The new Weny Diabetes Education and Navigation Centers will offer a menu of services, from diabetes self-management education and nutrition therapy to health coaching and tailored exercise programs.
Community Health also wants to work with employers here and eventually across Florida to help them provide chronic disease prevention and wellness programs to their employees.
“A lot of companies are pledging to be Blue Zones. We want to help them put that into action,” Thein said.
Thein sees the opportunity to offer his new employer’s health and wellness programs through homeowners associations in community gyms, clubhouses and halls.
He’s also confident he’ll have the Y’s in Southwest Florida in his corner as partners.
“I hope we don’t stop growing,” Thein said. “I want to start in Naples and Lee County. But I don’t want to stop. This doesn’t have a vision to stop.”
He believes he can make a big difference in the community in his new role. That’s why he chose it over other job prospects, which included serving the hungry and homeless.
“I want to do something good for the community,” Thein said. “If it’s just selling something and it’s not good for the community, I’m out.”
He hangs on tightly to a Y motto: “Better together.”
“Partnerships, partnerships,” he said, “it’s what makes the most of your budget. It can stretch everyone’s budget.”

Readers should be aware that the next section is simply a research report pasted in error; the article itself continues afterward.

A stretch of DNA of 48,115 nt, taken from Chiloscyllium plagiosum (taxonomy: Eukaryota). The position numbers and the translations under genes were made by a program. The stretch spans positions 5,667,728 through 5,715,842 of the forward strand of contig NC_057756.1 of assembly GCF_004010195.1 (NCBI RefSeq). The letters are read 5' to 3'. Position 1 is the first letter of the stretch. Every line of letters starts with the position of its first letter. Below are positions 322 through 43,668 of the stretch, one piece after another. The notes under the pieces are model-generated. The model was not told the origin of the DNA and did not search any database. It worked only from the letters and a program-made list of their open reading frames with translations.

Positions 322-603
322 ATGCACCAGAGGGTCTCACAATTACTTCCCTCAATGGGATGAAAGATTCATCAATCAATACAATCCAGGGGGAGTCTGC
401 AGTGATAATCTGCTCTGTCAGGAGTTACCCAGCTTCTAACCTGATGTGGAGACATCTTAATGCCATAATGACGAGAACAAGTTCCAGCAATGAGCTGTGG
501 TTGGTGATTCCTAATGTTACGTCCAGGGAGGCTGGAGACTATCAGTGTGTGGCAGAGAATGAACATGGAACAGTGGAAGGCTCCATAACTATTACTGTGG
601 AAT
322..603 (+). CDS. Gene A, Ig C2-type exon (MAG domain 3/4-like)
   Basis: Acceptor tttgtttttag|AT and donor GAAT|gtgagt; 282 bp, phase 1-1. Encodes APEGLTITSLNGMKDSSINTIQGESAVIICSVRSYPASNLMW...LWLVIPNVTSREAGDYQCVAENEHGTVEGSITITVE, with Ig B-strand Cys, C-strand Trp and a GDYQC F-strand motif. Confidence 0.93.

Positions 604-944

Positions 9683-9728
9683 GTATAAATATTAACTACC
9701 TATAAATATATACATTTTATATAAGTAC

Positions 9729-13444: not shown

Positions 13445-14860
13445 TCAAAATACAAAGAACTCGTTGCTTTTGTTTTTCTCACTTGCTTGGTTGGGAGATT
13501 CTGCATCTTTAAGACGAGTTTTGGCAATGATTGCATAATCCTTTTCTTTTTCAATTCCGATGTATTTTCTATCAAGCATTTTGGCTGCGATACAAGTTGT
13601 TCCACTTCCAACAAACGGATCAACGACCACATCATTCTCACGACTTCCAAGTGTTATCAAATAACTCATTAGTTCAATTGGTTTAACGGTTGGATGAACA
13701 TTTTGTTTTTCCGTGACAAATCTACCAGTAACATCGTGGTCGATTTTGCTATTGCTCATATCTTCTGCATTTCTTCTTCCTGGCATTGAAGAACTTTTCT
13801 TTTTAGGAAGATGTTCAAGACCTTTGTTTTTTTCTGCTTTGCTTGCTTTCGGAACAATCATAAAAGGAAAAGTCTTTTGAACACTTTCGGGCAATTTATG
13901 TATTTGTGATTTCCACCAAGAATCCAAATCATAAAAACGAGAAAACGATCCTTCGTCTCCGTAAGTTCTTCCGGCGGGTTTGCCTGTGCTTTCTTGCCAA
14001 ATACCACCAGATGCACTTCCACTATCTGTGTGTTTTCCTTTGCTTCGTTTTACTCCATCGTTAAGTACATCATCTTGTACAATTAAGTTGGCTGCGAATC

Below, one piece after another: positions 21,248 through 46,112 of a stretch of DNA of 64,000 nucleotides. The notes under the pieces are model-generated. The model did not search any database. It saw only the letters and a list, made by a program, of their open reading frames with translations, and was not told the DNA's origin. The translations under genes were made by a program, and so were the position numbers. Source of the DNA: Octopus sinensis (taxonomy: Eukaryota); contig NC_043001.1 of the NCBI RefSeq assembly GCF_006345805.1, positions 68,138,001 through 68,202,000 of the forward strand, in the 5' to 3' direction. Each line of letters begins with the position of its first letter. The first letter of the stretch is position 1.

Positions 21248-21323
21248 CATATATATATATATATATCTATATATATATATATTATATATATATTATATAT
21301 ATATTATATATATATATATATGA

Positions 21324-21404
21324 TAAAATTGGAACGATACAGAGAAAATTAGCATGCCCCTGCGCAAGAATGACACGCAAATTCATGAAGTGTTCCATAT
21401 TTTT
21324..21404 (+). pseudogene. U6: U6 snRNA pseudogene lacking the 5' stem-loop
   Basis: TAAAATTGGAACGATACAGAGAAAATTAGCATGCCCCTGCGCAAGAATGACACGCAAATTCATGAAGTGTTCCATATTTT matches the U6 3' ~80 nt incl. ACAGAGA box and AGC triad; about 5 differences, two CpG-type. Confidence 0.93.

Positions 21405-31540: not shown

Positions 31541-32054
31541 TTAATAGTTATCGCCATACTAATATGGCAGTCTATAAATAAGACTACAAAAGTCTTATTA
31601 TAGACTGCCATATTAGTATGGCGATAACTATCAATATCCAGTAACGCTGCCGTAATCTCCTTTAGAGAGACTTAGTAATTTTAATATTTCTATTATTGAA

A native of Minnesota, Thein said he considered a move up North after leaving the Naples Y, including the possibility of leading a YMCA in New York, but he wasn’t thrilled with the idea of shoveling snow and ice again.
It was hard to leave Naples for other reasons.
“I couldn’t leave the relationships,” Thein said.
He’s hard at work developing new and expanded relationships with such organizations as the NCH Healthcare System and Healthcare Network of Southwest Florida, the largest provider of primary medical care for low-income residents, with a location a few steps from Thein’s new office.
The Healthcare Network expects to break ground on a new $15 million clinic in Golden Gate this summer. Thein hopes the clinic can include services offered through Community Health Partners, such as counseling for diabetes.
On Friday, Thein showed off a new 3-D video conferencing technology developed by Buffalo Pacific in Ohio that’s on display at The Healthcare Network, which he hopes to tap into for the benefit of Community Health Partners’ clients, especially in more rural areas such as Immokalee.
The portal has the ability to immediately connect patients with doctors and other health care experts who appear to be transported into the room and seem so close that you could give them a fist bump.
Though one door has closed, another has opened for Thein.
While he’s not happy with some of the changes at the Naples Y since he left, he said he respects the board and wishes it the best as it begins a national search for his permanent replacement with a new job description.